by Graham Pierrepoint
There’s barely a day that goes by in the UK press without some form of development – often fairly interesting – with regard to Brexit. The UK’s decision to leave the European Union has grabbed headlines in the country like no other – while also forcing a rather thin wedge between those who voted ‘remain’ and those who voted ‘leave’. There are, of course, those who didn’t vote, too – but the referendum was settled and the government – not least Prime Minister Theresa May – is keen to press on with negotiations ahead of the country’s proposed removal from the Union in March 2019. Comments made on either side of the debate, however – from May’s benches and those running the EU – seem to still be grabbing headlines – and, according to The Guardian, it appears that it is one Boris Johnson’s turn to face the quiet consternation of the Union’s representation.
Johnson – former Mayor of London and once at the head of the ‘leave’ campaign – had previously advised that those in charge of the EU could ‘go whistle’ if they were to consider presenting the UK with fees – a divorce bill, if you like – for leaving the EU. These comments have been met with concern by Michel Barnier, negotiator in behalf of EU during the process, who returned fire. “I am not hearing any whistling,” Barnier advised at a press conference, “Just a clock ticking.”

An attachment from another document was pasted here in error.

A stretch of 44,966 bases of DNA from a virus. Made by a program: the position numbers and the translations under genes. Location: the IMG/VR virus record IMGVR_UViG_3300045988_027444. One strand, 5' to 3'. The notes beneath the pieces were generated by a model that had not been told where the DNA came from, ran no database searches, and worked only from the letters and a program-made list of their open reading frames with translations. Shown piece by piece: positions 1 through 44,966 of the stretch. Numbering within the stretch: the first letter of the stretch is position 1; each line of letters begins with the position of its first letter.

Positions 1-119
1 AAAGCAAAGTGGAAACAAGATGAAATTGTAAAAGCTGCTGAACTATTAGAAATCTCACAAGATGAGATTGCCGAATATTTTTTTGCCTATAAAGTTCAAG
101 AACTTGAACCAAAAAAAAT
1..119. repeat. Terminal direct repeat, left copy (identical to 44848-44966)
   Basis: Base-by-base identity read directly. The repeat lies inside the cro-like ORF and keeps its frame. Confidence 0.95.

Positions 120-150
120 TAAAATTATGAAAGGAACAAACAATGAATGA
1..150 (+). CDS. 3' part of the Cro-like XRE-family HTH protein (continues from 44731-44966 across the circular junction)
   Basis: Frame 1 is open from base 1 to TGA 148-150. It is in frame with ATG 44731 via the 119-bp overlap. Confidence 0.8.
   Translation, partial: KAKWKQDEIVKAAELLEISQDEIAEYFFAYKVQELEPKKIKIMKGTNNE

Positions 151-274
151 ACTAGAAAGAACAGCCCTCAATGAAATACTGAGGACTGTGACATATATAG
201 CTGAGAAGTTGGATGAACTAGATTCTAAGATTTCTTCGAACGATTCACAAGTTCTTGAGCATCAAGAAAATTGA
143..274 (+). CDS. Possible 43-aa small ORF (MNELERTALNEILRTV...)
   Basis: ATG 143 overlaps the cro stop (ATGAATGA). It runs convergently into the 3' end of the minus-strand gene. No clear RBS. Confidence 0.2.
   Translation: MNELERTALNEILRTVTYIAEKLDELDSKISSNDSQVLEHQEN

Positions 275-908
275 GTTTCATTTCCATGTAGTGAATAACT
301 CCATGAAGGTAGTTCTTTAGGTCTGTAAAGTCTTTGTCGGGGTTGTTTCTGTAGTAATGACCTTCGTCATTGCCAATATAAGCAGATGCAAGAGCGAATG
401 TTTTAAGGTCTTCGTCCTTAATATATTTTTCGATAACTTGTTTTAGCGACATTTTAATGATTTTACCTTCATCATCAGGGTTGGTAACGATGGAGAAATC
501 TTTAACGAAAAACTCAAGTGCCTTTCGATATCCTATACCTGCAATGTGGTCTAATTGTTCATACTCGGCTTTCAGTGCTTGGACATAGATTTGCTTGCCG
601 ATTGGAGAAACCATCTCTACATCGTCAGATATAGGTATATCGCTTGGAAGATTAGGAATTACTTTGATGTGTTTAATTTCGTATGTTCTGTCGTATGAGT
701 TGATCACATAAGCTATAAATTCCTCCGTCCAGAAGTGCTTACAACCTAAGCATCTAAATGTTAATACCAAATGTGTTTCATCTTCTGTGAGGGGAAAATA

The exact cost of Brexit has been up in the air since the referendum first rolled out – and Barnier fully expects Britain to pay its dues before heading out. “It’s not an exit bill, it’s not a punishment, it’s simply settling accounts,” the negotiator advises, further adding “You can discuss this or that budget line, but they have to start by recognizing that they have entered into commitments.” Barnier made mention of the fact that the EU does not expect the UK to pay any more than that which they have ‘legally agreed to provide’.
Money is just one of several issues currently bogging down Brexit talks, with citizenship rights in the UK remaining a sticking point for negotiation. While the ideal leave date is set for March 2019, it will remain to be seen if a mutually beneficial deal can be thrashed out by then – or even before, or after. With the UK’s leadership still teetering on the brink, anything could happen in the next 20 months.